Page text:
To test directly whether ISOC1 inhibition would affect cell viability and proliferation, an MTT assay was performed to compare the effects of decreased ISOC1 expression on cell numbers. SW 1990 and PANC-1 cells were transfected with shISOC1 lentivirus or control virus at a multiplicity of infection of 2 using polybrene. Stably-transfected cells were seeded into a 96-well plate (2×103 cells/well) at 37°C for 16 h, and after cell adhesion, 20 µl MTT (5 mg/ml; Genview, Houston, TX, USA; #JT343) was added and cultured at 37°C for 4 h. Subsequently, the media was completely removed and 100 µl dimethyl sulfoxide was added and optical density 490 was determined on a microplate reader. The viability of the cells was assessed by measuring the absorbance at 490 nm using a Microplate Absorbance Reader (Tecan Group, Ltd., Männedorf, Switzerland; #M2009PR). Each experiment was repeated three times.
Western blot analysis
Total protein was extracted from cell lines by incubating with 2X Lysis Buffer [100 mM Tris-HCl (pH 6.8), 4% SDS, 20% glycerol and 2% mercaptoethanol] on ice for 10 min and sonication 5 sec each time for 4 times (200 W with 2 sec interval). Total protein was measured through the bicinchoninic acid method and separated by 10% SDS-PAGE. A total of 30 µg proteins were run on gels and transferred to polyvinyl difluoride membranes. The membranes were blocked in 5% bovine serum albumin (Gibco; Thermo Fisher Scientific, Inc.; #37525) at room temperature for 1 hand then probed with the primary antibodies overnight at 4°C. The membranes were incubated with appropriate secondary antibodies (1:2,000 dilution), either peroxidase-conjugated anti-mouse IgG or anti-rabbit IgG at room temperature for 1 h. GAPDH was used as a loading control. Subsequently, the antigen-antibody complexes were detected by using an enhanced chemiluminescent blotting analysis system.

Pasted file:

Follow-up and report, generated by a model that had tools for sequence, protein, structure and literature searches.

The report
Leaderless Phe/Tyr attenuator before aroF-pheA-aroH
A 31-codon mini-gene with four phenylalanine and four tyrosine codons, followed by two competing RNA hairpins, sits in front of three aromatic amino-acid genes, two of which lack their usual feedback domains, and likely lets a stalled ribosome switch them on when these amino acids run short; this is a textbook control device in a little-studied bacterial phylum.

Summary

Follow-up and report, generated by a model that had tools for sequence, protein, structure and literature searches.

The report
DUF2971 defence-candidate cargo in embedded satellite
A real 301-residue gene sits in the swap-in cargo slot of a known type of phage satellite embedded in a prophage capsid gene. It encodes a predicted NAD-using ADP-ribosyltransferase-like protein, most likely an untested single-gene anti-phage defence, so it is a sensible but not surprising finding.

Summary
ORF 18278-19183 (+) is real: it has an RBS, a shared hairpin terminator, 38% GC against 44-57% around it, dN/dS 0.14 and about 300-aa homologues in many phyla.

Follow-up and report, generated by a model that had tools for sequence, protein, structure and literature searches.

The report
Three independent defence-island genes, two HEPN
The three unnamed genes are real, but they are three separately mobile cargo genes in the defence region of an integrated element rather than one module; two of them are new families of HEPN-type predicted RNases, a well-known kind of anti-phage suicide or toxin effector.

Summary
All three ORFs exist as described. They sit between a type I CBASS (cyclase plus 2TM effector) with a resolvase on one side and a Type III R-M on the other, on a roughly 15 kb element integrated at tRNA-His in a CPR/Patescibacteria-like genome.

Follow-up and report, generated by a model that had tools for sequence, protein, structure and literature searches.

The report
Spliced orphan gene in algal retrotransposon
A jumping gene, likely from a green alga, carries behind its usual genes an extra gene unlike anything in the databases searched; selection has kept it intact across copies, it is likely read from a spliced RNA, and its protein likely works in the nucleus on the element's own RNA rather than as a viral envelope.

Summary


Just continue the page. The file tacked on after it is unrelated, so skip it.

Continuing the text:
Total RNA was extracted from cells using a SuperfecTRI, Total RNA Isolation reagent (Shanghai Pufei Biotechnology Co., Ltd., Shanghai, China; #3101-100). cDNA was transcribed from 1 µg total RNA using a Promega M-MLV kit (Promega Corporation, Madison, WI, USA; #M1705), according to the manufacturer's protocol. cDNA was used as the template for qPCR detection with primers and SYBR® Master Mixture on LightCycler480 (Roche Diagnostics, Basel, Switzerland). The primers for ISOC1 are forward, 5′-CGACATGCACCGCAAATTCG-3′, and reverse, 5′-TGAGCTGGATCTGCAACGG-3′. The primers for GAPDH are forward, 5′-TGACTTCAACAGCGACACCCA-3′, and reverse, 5′-CACCCTGTTGCTGTAGCCAAA-3′. The qPCR was performed with the following conditions: i) Hold at 95°C for 30 sec, ii) step-PCR for 40 cycles of 95°C for 5 sec and 60°C for 30 sec; and iii) dissociation at 95°C for 15 sec, 60°C for 30 sec and 95°C for 15 sec. The expression of the ISOC1 gene, and endogenous control gene GAPDH, was detected and analyzed. The relative mRNA expression level of ISOC1 in each sample was calculated using the comparative expression level 2−∆∆Cq method (9). All experiments were conducted in triplicate for each data point.